Here we have another example of Renaissance Florence being true to itself and highlighting its bond with contemporary art. The choice of location this time is the gorgeous Piazza di Santa Maria Novella, whose relationship to contemporary art has already been spotlighted by the Museo del Novecento, diametrically opposite the majestic, historical facade of the church of Santa Maria Novella, both in its physical placement and its placement in history.
An original sculpture by Gaetano Pesce has been on display in our hotel’s piazza since November 19, 2017.
The work is called “Maestà Tradita” and is part of the current exhibition for Pesce in the Museo del Novecento. In the museum you can explore Pesce’s career in the exhibition that will be up until February 8, 2017.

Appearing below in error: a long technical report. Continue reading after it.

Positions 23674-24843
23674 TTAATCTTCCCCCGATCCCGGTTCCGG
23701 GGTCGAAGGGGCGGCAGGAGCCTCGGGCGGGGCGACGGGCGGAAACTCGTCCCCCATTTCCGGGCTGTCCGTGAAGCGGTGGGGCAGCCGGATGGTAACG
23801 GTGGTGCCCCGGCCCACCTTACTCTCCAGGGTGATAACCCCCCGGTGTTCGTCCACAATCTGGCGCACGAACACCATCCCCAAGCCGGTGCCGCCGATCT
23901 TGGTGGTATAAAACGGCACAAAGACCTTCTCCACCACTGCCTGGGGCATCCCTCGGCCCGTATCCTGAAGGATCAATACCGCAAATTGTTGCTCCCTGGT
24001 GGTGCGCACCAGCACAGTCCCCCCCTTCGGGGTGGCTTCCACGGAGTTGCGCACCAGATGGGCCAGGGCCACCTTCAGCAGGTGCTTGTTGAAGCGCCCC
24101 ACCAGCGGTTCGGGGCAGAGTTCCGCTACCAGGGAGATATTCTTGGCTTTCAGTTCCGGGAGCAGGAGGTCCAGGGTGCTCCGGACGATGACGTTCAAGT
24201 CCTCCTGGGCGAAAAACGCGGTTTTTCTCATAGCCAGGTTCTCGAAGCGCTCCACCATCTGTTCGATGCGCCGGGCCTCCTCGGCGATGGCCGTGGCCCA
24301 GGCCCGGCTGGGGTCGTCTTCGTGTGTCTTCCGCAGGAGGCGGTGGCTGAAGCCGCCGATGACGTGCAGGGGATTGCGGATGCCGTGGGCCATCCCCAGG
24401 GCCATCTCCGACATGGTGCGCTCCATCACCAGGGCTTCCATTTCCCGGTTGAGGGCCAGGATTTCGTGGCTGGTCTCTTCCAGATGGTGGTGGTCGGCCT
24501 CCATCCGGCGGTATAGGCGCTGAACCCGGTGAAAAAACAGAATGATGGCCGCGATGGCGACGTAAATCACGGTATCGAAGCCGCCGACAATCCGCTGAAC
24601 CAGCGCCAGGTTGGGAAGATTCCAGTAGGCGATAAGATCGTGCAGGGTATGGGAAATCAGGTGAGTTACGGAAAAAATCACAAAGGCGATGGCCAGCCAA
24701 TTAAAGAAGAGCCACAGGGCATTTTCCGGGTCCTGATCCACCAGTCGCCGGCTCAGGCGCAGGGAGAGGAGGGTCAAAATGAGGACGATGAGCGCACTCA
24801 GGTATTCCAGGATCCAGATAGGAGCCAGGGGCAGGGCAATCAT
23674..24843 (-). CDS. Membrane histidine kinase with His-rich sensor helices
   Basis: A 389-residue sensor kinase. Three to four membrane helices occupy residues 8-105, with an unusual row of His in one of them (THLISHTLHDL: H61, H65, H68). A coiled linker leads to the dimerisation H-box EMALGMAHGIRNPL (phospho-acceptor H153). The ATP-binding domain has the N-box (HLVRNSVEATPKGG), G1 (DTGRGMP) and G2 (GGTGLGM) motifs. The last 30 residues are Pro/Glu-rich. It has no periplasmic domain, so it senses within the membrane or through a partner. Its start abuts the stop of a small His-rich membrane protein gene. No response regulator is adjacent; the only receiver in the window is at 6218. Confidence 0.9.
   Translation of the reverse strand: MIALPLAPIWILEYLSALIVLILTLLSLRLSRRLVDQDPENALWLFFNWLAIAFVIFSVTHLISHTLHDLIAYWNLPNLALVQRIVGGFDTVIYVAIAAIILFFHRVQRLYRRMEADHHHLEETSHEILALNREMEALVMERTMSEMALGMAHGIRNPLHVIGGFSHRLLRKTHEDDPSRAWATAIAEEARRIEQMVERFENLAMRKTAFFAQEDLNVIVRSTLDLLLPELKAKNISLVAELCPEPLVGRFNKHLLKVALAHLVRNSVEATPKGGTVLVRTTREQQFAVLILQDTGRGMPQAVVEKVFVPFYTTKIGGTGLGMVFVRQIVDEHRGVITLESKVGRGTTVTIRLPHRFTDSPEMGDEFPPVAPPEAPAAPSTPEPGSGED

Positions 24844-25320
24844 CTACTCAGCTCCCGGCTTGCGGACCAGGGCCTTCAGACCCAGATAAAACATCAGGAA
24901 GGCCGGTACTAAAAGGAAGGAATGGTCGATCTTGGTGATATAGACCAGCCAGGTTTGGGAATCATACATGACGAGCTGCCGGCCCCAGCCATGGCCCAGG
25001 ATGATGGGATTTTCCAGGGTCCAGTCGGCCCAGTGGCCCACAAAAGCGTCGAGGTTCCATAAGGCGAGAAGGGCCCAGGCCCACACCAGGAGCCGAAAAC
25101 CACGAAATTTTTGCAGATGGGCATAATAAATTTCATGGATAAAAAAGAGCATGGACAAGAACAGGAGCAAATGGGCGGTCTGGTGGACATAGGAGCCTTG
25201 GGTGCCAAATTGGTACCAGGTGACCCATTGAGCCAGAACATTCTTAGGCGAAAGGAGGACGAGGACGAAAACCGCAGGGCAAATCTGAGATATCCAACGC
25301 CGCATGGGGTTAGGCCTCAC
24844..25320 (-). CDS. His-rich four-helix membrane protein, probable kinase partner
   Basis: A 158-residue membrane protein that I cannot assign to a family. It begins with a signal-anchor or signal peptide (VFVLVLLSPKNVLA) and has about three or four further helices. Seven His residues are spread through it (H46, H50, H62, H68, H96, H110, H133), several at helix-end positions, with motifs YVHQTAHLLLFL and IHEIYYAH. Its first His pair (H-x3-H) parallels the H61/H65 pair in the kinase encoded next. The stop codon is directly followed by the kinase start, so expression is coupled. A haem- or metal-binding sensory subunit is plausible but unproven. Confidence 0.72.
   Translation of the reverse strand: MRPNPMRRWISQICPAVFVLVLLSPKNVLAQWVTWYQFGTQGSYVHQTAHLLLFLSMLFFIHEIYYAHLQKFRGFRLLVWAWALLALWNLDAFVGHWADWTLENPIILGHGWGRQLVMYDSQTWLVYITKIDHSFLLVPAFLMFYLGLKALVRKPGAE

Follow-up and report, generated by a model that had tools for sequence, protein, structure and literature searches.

The primary object of Pesce’s work is to show how hard it is to be a woman in a world still dominated by the masculine.
The statue depicts a monumental figure of a woman wrapped in a long cloak, like a contemporary take on the famous “Rucellai Madonna” in the Uffizi. The Maestà Tradita [Majesty Betrayed] is seated on a throne, bearing unmistakable signs of suffering.
Her cloak is also a nude, flayed, scourged body, marked by violence. A large, heavy rusted metal ball is chained to her right foot with a thick chain, a symbol of the slavery that continues to this day in many parts of the world.
The sculpture, to the side of Santa Maria Novella’s facade, seeks to be a monument to the liberation of women; it condemns a masculine world that continues to betray, abuse, and violate the sanctity of women’s bodies, forcing them to bear unbearable experiences of commodification, manipulation and marginalization.
The sculpture deftly contrasts the past and present, and the square’s historical and artistic setting and the striving for the liberation of women.